If you find yourself struggling with a task or unsure how to proceed, ask for clarification. Start with your group members, but ask your professor to weigh in when needed. It can be all too easy to fall behind when a project stalls, particularly in a short academic term. Keep in mind that it's difficult to over-communicate when working on an online group assignment.
Learn to Manage Conflict
Many group assignments are completed without any issues or tensions among team members. Planning ahead and keeping communication open can help keep conflict at bay.
Unfortunately, problems may still arise, so do your part to foster an atmosphere of cooperation. Ultimately, you're all working toward the same goal — successful completion of the assignment — and everyone has something to offer.
While it's generally good to work on [conflict] as a team before contacting your instructor, don't wait too long to reach out.
An online course is a formal environment with the expectation of professional behavior. This means being accountable for task responsibilities, using appropriate language, maintaining a positive and encouraging attitude, and avoiding bullying and other actions that would undermine group progress.
Try to work out conflicts as quickly as possible whenever they arise. Is someone not contributing or constantly missing deadlines? Ask them about it. You never know what might be happening in their lives.
While it's generally good to work on these issues as a team before contacting your instructor, don't wait too long to reach out if you need mediation. Some professors rely on groups to carry out all parts of a project on their own, including conflict resolution, whereas others may want to meet with each group periodically for progress updates and to help with any issues that come up.
Set Realistic Expectations
The coronavirus pandemic is challenging all of our emotional and intellectual resources. Everyone is going to experience a bad day, or even a bad week, at some point in the course. It might be a classmate this week, and you the following week.
Knowing this, be patient with yourself and your peers. The project may not proceed exactly according to your plans and expectations, and some of your group members may be dealing with difficult life circumstances that you don't know about.
Be prepared to not only step in and help when you can, but also ask for help when needed.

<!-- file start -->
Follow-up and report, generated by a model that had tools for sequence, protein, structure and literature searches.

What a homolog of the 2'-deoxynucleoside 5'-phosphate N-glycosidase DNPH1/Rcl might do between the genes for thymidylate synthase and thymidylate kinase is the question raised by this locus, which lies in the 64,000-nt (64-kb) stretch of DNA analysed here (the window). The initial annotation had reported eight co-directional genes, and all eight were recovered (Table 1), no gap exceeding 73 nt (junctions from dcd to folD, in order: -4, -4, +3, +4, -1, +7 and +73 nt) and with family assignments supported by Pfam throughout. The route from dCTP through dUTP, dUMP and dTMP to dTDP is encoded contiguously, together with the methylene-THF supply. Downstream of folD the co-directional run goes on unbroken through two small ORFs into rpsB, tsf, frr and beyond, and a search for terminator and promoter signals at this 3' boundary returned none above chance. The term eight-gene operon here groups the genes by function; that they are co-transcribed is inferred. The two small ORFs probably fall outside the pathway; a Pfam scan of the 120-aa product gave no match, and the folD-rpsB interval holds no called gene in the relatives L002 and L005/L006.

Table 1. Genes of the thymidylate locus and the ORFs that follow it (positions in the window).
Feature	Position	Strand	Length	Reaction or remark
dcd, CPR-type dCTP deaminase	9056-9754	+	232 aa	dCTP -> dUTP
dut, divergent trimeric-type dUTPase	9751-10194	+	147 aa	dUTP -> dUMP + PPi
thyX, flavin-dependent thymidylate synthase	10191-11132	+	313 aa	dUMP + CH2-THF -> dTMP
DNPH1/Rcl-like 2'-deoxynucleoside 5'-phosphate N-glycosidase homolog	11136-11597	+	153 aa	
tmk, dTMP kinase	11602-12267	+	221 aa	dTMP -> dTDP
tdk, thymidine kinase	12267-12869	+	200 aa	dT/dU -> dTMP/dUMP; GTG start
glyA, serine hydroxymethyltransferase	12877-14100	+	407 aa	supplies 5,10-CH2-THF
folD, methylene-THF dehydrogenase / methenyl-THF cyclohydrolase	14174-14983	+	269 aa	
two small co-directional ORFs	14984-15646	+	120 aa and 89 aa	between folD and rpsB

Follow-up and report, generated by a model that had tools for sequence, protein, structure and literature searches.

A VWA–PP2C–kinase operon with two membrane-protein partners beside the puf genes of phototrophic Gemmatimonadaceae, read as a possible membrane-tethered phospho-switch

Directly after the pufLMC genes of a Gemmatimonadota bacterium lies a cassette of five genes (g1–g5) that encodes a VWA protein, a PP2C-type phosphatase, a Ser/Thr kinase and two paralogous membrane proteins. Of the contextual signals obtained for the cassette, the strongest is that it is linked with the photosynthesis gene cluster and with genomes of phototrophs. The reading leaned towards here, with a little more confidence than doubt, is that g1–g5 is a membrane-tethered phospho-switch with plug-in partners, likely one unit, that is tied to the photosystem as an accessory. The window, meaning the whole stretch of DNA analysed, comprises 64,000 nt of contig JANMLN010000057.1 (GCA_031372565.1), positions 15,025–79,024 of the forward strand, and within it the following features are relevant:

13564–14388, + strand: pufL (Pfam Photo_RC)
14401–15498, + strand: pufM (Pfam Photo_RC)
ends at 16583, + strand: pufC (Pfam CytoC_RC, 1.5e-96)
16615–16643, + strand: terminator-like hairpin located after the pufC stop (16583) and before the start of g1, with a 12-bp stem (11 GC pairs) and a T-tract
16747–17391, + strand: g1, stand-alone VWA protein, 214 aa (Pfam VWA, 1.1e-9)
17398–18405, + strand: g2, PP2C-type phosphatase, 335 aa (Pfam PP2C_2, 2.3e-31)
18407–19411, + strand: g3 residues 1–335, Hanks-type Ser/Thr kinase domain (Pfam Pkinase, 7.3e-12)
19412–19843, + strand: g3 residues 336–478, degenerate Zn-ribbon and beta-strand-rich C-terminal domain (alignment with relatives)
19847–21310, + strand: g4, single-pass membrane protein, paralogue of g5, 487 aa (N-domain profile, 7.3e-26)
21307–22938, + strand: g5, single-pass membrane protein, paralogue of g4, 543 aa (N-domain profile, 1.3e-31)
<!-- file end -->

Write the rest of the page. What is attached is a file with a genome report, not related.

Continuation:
Consider Drafting a Group Contract
Some courses may require your group to complete and submit a formal contract that includes some basic planning and agreement from all group members about how they'll work together.
This document takes time to create, but that time can prevent a lot of headaches once your project is off and running. Even if you aren't required to draft a contract, consider making one anyway.
A group contract should ideally contain the following components:
- Group Roster: Should include all group members' names, phone numbers, email addresses, and designated roles (e.g., leader, researcher, editor)
- Member Skill Inventory: Areas of strengths in which each member thinks they can best contribute to the assignment
- Ground Rules: Should outline expectations for participation and accountability, as well as the process for how decisions will be made, as developed by the group itself or provided by the professor
- Communication Plan: How and when you will meet to discuss the assignment, and the tools you'll use to share and complete project tasks
- Project Timeline: All assignment milestones and deadlines
- Potential Challenges: A list of barriers you might encounter when completing your group assignment
- Conflict Management Plan: Anticipated conflicts, with plans for how to proceed should they arise
- Acknowledgment: An email confirmation or digital signature from each team member
This contract is merely a place to begin. You may decide as a group to make changes as needed based on how your work progresses. Your contract also acts as a handy point of reference should you have to deal with a conflict or other challenge.
The University of Washington's group contracts guide includes a helpful outline and examples for creating your own contract.
Embrace the Opportunities
As you participate in online group assignments, you'll develop papers, projects, and presentations that you can add to your portfolio to demonstrate how you function in a team environment. You'll also learn how to use a variety of tools to communicate and create at a distance.
Use the time you spend on group assignments to foster positive relationships with your classmates, especially if you're in a program that uses a cohort model (meaning you take classes with the same students and progress at the same pace). After all, you may end up working in the same industries after graduation.